For this blog, my topic focused primarily on art and photography during the Civil War and the ways in which the war affected it, and vice versa. I explored specifically the development of realism during this time period and how that helped change the public’s opinion of the war. For example, much of my research was spent finding information on how photography and paintings depicted the war for what it really was: a bloody massacre rooted in human rights atrocities. The most compelling piece of evidence I found was in the photographs put out by Matthew Brady. He was a pioneer in the field of photography, and he was the first person to ever photograph the war explicitly and then distribute the photographs to the public. His photographs were therefore the catalysts for changing the tide of the war opinion, from patriotic to repulsion, and it was because of him and his photos that the Civil War went down in history as the most bloody and severe war, and exposed the South’s faults indisputably. Therefore, it is because of these breakthroughs in art and photography that birthed the form of photojournalism and modern art that exists today.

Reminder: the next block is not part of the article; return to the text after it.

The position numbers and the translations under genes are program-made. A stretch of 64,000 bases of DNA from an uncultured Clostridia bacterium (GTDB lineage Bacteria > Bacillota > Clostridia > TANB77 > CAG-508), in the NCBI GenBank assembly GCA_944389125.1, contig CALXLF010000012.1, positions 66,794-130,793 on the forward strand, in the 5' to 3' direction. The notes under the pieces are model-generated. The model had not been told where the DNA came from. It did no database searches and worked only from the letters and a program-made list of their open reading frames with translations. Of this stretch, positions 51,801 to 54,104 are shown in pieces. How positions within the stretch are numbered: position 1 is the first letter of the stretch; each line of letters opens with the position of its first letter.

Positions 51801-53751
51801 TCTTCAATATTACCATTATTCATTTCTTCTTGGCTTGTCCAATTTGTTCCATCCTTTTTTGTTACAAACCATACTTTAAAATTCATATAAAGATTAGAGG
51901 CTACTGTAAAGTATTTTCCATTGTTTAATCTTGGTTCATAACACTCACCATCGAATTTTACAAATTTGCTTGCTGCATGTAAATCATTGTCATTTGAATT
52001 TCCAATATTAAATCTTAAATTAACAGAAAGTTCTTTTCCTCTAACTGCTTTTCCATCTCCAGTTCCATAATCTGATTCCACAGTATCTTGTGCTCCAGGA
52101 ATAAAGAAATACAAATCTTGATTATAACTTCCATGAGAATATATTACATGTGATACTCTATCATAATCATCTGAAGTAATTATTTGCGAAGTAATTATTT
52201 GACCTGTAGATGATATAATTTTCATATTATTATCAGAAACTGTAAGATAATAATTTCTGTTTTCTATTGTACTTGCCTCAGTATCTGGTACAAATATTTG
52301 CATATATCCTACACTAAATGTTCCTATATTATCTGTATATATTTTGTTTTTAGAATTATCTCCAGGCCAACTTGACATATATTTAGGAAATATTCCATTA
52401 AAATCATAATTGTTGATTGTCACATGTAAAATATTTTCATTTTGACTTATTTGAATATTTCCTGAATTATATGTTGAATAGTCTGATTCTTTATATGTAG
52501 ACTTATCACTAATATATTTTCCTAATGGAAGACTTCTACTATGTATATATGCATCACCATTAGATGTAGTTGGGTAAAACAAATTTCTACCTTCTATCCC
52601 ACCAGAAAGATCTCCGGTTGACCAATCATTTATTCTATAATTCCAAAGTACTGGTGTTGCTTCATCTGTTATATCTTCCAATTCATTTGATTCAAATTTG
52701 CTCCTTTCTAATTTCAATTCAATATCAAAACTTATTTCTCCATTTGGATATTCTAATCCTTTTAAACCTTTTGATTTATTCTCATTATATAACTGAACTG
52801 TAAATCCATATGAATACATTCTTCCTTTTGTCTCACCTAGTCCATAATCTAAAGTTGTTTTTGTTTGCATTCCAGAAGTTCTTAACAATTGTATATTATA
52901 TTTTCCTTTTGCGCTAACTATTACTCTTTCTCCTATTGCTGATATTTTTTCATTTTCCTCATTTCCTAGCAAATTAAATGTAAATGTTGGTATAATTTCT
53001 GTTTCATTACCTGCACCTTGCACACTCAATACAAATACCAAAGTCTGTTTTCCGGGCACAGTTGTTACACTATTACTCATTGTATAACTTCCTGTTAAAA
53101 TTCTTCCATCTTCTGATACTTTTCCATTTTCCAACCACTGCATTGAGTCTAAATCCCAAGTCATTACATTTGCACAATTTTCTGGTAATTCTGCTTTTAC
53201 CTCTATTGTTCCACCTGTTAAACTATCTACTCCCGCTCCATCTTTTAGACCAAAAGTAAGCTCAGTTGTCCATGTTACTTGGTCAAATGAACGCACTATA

Before starting my research, I never knew just how significant art and photography was during this time. It was through this topic and project that I was able to develop my theory that without the prevalence and use of art during this time, not only would the war have continued for longer than it did, but also the South would not have been exposed in the way that it was. The changes that occurred from the war would have been less momentous in historical importance and it is very likely that African Americans would have remained dehumanized for much longer than they did.